Milleret and Pignol had their influence on the bal folk scene as well, mostly through the playing of Aurelien Claranbaux who played here a lot. So yeah … especially in Belgium, but also in the Netherlands bal folk style playing is mostly on a 3 row, other styles not so much.

[In] the current bal folk scene … all balls are organised by individuals, enthusiastic volunteers. Mostly people who have been dancing for a couple of years, and want to dance closer to their homes. Utrecht, a city right in the middle of the Netherlands has been the centre of the scene for over a decade, with bal folk nights about monthly. When we had a big and cheap location at the [height of the scene] we would get close to 300 people in. Nowadays, smaller locations, a big ball is for around 140 people, but most evenings get around 50-80 people. When I organised evenings, we would get mostly students (17-25) but lately the crowd has grown a bit older (like i did 😉 ) i think most people are now 25-35, mostly highly educated. Of course, you see all other ages as well 🙂 Most people come for the atmosphere, and they like the dance and the music too, in that order 😉 We’ve been giving dancing lessons as well, at several locations.

There are not enough musicians in the scene here in the Netherlands, it is quite a small country … and since it isn’t really traditional we need to import music too. Sometimes from Belgium, sometimes from France. If I am not on stage, it is usually a band from abroad. Which isn’t bad, per se, but it would be nice to have more bands and musicians just from close by.

What is next for you?

Ha ha, I am not a planning person that much. 🙂 I just try to take and see opportunities as they come along. But making sure the the bal folk scene survives and making music for it will always be on the top of my list. With my kids growing older (youngest is now 4, eldest 10) everything keeps changing anyway. 🙂

For more info on the bal folk scene in the Netherlands go to the official Dutch bal folk website.

Lõõtspiel Marvel

Accordéonaire friend Astrid Tøndel drew my attention to the below video. I have written briefly before about the lõõtspiel, an utterly charming Estonian member of the free reed family. I’ll let the music speak for itself.

One-Row Goodness

Castagnari Max, One-Row

Diatonic Accordion players speak affectionately of the warmth or lift generated by the push/pull action of their boxes. It’s better for dancing, they might say, or, it has a character to it that’s different from (read better than) chromatic or piano accordions. I don’t believe that this is always true — Patrick Lefebvre’s chromatic playing has plenty of lift, rhythm, and character — but when played well … wow … one-row, pushing/pulling accordions can really get a little somethin’ somethin’ going.

Andy from Vermont recently posted three recordings of himself playing Quebecois tunes on his Melodie one-row in D and I find myself completely besotted. Go see for yourself. Wonderful.

Lady Cassili’s Lilt

Off topic from the usual French stuff, the Melodeon.net Theme of the Month is music from Scotland. I’ve loved harper Robin Williamson for years. This tune, “Lady Cassili’s Lilt,” is on Williamson’s Legacy of the Scottish Harpers.

UPDATE: A listener over on Melodeon.net supplied the following information  “Lady Cassilis’ Lilt” is a very old tune (she died in 1642) and was used for the ballad Johnny Faa and the Earl of Cassillis’ Lady, the origin of Gypsy Davy/Gypsy Laddie/Gypsy Rover. It’s most commonly heard nowadays as the tune for the Jacobite song “Wae’s Me for Prince Chairlie.”

Accordion Building Workshop

In February, in Norway, at the Rauland International Winterfestival, international folk music doings were abundant. Among these doings, accordionist and singer Emmanuel Pariselle led a “build your own accordion” workshop for twelve extraordinarily skilled crafters. Norwegian photojournalist Knut Utler, who has a fascination with folk music, recorded the event. The full album of pictures from the workshop can be found here.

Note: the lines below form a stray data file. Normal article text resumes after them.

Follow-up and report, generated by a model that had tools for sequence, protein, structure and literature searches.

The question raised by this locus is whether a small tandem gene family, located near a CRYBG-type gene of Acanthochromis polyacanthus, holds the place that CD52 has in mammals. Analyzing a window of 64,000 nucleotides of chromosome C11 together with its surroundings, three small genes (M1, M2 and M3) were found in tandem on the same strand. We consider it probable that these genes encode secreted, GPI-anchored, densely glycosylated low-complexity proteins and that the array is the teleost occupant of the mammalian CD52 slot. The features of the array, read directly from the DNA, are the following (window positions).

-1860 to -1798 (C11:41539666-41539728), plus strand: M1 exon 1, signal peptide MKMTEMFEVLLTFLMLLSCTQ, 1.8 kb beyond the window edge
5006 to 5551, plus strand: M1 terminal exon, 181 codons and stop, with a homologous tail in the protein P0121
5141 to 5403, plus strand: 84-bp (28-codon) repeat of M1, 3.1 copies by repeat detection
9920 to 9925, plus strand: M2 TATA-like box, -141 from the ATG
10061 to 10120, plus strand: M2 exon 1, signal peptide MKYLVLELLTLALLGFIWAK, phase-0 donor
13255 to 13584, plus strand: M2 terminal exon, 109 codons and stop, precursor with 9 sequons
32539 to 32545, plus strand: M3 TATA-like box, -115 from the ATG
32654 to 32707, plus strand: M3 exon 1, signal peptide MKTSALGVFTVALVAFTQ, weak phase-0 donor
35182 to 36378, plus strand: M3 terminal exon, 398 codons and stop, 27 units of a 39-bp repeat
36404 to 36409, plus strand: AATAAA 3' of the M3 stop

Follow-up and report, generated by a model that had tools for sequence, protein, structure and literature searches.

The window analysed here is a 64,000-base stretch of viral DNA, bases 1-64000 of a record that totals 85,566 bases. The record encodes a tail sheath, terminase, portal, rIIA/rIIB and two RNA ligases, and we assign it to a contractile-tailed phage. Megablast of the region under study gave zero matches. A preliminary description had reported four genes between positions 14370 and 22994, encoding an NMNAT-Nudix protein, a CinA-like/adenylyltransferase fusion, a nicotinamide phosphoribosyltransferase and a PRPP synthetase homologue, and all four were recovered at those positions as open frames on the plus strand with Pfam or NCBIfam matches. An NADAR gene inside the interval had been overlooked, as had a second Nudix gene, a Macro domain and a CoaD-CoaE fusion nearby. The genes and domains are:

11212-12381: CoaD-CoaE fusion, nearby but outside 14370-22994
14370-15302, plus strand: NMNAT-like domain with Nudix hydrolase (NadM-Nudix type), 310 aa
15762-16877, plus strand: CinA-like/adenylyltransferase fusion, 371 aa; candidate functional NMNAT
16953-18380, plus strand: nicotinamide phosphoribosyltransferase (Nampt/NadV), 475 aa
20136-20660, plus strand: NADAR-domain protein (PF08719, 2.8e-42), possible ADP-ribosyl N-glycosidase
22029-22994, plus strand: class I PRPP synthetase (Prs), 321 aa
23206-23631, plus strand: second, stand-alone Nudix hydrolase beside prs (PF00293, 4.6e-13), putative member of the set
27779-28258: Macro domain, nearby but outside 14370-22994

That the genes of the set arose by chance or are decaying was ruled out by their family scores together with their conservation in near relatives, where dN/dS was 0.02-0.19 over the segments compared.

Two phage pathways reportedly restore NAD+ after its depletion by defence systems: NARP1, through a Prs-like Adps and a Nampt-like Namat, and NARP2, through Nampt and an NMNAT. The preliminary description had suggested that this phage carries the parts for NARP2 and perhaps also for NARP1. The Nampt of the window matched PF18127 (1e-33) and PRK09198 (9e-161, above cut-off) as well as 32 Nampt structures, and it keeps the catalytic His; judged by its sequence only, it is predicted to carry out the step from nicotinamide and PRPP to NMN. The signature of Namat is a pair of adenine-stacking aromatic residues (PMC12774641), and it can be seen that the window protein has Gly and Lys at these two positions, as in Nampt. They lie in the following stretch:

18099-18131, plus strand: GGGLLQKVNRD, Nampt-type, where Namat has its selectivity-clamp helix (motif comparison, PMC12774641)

Emmanuel Pariselle leading the “build your own accordion”
workshop. Photo by Knut Utler.
Three treble ends in process.
Photo by Knut Utler.

A Good Question!

In comments, the inimitable Tomb asked the following question:
Alright, Professor Chapin, here’s my latest in what will be a long line of questions from a novice. The history of the bellows that you’ve published so far seems almost entirely centered in England and France. This goes against my (assumingly incorrect) impression that Italian, Greek and Spanish folk music (maybe I should just say Mediterranean music) always seemed to have some sort of bellows wheezing in it somewhere. Are the European southerners the thieves of their northern cousins’ genius?


Thanks for the question! The classic, great names in accordion making are Italian (Castagnari and Salterelle, for example) or German (Weltmeister and the ubiquitous Hohner). This is an almost criminal oversimplification, but it serves for the moment (Andy?). The type of accordion I play has two rows tuned a fifth apart (G/C). This is called a Vienna tuning (more colloquially, “quint tuned”). England, Ireland, and France have great accordion traditions, very visible in the US. But there’s also a great Scandinavian tradition (hello, my Minnesota friends) that I need to learn more about, and an Eastern European tradition. In short, every musical tradition from the Caspians to the Andes, including your Mediterranean faves, has some sort of squeezebox going for it.

Peeter Joosep on lõõtspill, at
the 2008 Lõõtspillifestival.

Very often, the traditions adopt piano or chromatic accordions for their purposes, or they stay in the diatonic world but modify the instrument to suit their needs. Estonia, for example, has it’s own type of accordion called a Lõõtspill. On this side of the Atlantic, Quebec, Louisiana, and Tex-Mex each have a well-developed characteristic style. And this doesn’t even get into the concertina thing. 


So why am I focused on mainly France, and some England? Well, aside from accordions themselves — which are, you must admit, very clever — I am especially fascinated by (enamored with? obsessed on?) the repertoire of Central France, Alsace, Brittany, England, etc. Thus the focus of this page. It’s a small slice of squeeze-world, but it’s where I’m choosing to live.